Stories that will unite us as a community
Published 4:39 pm Monday, August 14, 2023
I have met so many wonderful people from writing this column who have asked me to help them find and tell their stories about their ancestry.
I am so pleased to help them find the stories of their ancestors who lived in the greater Washington/Beaufort County area and shared their lives and contributions that helped Washington to grow and prosper.
This is a wonderful request for me and an honor as I have been asked to serve as an historian for the Blue Cross Blue Shield Building Integrated Communities Initiative to help research the Latino ancestry as part of the Washington NC Latin American and Caribbean Public History Project. This part of the project is in conjunction with the Institute for the Study of the Americas at UNC-Chapel Hill funded by the Blue Cross and Blue Shield of North Carolina Foundation. The funding will support my part of the project which is Building Integrated Communities, a planning and leadership initiative of the Latino Migration Project, that partners with North Carolina local governments to create inclusive practices and policies for immigrant residents from Latin America and other underrepresented world regions.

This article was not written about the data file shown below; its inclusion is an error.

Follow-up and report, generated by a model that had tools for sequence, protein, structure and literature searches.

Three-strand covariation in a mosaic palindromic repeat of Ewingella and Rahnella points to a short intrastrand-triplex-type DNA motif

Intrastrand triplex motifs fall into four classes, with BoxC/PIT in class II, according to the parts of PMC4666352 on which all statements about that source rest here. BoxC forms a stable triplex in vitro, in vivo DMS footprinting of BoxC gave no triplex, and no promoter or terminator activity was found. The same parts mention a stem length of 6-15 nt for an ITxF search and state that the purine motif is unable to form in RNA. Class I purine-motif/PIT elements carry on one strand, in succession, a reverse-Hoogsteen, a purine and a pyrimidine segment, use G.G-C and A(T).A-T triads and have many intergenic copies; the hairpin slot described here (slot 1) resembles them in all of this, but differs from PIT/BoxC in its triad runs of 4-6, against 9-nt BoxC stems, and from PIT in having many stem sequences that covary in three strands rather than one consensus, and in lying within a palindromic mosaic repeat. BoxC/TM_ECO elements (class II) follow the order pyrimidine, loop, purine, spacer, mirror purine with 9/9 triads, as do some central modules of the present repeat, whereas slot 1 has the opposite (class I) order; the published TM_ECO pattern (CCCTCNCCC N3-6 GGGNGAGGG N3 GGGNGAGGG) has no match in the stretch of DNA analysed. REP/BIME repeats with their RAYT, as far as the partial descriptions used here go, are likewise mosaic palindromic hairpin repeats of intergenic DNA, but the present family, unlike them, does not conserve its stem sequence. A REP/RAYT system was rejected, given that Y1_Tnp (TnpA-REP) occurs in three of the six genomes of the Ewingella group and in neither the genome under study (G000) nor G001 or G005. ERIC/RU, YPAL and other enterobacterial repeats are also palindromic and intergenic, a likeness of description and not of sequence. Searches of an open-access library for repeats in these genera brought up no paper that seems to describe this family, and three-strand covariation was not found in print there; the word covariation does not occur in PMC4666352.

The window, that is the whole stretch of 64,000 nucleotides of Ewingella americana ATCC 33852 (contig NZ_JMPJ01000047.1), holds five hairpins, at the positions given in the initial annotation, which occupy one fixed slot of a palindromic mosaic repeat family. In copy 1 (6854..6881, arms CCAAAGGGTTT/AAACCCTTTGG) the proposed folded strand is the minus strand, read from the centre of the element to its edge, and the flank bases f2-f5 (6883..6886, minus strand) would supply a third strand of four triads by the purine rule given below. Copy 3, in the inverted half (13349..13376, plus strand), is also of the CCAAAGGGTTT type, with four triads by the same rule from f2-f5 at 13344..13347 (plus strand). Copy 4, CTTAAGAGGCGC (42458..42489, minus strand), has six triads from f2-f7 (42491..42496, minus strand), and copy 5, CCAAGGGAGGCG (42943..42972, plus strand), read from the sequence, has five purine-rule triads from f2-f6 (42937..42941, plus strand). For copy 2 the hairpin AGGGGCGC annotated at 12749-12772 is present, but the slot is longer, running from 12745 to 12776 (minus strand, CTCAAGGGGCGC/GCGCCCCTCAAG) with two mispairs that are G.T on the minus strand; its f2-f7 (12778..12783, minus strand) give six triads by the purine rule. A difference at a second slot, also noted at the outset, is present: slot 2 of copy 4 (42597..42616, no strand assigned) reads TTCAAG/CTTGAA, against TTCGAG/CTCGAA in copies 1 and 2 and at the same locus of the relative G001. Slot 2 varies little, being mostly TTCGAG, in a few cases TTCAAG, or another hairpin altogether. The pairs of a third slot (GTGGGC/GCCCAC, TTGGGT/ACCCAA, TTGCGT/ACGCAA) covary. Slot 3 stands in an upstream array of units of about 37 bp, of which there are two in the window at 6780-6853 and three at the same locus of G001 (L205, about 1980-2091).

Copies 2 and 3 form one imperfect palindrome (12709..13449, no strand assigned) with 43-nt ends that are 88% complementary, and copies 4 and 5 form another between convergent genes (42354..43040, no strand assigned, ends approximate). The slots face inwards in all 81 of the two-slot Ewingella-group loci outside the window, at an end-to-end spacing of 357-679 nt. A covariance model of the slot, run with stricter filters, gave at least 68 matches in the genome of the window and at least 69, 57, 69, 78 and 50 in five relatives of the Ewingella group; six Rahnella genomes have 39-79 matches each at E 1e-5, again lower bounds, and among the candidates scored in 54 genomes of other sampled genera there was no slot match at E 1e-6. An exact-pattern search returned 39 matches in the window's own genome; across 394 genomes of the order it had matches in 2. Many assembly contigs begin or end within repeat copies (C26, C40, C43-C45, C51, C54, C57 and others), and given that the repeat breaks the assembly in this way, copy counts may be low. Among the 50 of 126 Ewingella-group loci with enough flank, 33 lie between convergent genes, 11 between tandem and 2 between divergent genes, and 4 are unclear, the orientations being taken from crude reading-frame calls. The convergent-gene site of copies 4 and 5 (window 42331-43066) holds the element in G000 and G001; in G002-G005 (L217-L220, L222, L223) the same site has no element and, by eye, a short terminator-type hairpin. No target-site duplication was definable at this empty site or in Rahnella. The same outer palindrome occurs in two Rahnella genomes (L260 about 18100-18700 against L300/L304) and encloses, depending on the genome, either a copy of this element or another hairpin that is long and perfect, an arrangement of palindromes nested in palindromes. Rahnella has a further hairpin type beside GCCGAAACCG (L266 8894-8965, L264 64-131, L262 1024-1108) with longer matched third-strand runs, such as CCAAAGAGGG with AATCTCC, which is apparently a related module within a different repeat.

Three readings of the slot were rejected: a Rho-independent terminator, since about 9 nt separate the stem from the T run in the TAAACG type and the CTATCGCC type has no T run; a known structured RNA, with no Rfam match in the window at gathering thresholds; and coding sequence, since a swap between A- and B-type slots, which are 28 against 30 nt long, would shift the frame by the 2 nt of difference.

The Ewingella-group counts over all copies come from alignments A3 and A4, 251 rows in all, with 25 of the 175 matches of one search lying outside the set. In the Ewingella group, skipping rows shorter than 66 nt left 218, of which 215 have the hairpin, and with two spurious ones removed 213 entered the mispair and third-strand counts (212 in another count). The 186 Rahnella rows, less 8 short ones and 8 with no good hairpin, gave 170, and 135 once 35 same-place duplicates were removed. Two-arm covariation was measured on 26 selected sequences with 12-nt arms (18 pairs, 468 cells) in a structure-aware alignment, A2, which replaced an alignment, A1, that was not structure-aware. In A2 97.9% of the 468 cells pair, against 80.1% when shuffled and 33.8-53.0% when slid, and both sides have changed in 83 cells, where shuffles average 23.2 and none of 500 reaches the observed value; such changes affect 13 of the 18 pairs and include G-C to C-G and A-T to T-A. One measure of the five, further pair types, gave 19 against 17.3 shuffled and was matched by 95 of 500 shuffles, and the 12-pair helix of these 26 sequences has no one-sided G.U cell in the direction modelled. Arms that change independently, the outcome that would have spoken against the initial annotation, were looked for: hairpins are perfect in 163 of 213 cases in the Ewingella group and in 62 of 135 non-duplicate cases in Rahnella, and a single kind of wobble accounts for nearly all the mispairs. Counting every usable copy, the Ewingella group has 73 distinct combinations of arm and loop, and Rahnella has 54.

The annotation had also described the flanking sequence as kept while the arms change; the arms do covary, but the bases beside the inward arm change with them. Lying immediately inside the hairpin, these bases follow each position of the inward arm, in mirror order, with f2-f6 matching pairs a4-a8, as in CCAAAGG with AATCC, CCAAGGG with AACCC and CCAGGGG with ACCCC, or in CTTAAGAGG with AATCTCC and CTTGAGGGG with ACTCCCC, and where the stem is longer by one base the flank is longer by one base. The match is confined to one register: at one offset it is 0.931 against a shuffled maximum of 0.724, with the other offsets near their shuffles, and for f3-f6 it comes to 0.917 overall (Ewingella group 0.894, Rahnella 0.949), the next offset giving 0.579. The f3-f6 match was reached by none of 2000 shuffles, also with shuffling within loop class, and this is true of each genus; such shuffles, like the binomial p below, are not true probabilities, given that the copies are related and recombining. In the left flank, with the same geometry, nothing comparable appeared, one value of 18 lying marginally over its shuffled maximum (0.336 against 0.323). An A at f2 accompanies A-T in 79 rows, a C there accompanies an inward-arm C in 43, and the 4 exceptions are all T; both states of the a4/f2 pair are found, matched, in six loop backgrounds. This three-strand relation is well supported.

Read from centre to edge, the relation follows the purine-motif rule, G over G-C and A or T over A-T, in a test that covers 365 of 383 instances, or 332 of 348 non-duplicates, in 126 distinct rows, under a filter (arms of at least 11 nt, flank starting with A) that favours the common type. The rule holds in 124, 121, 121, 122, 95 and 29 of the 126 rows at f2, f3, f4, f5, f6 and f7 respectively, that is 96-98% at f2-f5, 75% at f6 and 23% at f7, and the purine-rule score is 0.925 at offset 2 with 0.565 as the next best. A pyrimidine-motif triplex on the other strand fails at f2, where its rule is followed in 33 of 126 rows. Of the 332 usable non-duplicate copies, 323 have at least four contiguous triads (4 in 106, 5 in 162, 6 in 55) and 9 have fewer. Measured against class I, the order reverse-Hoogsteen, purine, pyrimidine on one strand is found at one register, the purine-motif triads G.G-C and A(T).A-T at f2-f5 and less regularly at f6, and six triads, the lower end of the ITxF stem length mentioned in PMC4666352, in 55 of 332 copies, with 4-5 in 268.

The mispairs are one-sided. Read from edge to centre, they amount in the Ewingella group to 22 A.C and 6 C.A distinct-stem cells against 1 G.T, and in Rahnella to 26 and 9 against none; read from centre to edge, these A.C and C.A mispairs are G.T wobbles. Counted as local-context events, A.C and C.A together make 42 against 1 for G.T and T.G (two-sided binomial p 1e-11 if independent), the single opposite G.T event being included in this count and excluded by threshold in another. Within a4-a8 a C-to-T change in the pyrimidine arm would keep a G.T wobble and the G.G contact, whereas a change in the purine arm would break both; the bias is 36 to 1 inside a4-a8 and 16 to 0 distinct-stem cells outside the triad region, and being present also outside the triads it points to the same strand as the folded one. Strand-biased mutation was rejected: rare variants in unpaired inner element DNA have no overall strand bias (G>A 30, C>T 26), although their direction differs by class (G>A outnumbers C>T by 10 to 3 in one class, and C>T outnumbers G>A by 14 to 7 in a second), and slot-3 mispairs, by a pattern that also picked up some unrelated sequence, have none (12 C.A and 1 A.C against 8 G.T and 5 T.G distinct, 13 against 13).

Through the program, local governments and community stakeholders such as the Washington Harbor District Alliance, the Washington Waterfront Underground Railroad Museum and the City of Washington work together to improve communication, public safety, mobility, entrepreneurship and leadership of immigrant and refugee residents and to support resident communities’ civic engagement and leadership. This imitative helps Washington reach its goal of being an inclusive, caring community for all of its residents.
My assistant and co-historian, Cristina Estrada-Underwood, a Spanish Teaching Instructor with the Department of Foreign Languages and Literatures at East Carolina University and I are working to collect oral histories of Latino families, to document and preserve these oral histories, so that future generations can have access to these important pieces of history. The oral histories can chronicle how their ancestors came to Washington, and helped build the prosperity, cultural and economic growth of this part of eastern NC. This vital history may help us to design library/museum exhibits, help develop curriculum for K-12 teachers in NC public schools and help to plan community heritage events.
As part of National Hispanic Heritage Month celebrations here in Washington September 15th-October 15th, there will be many opportunities to learn, share and celebrate the Latino culture. The Latin American and Caribbean Public History Project will offer many events throughout the city for families of Latino descent to come and share their oral histories. I hope you will join us!
Leesa Jones is a Washington native and the co-curator of the Washington Waterfront Underground Railroad Museum.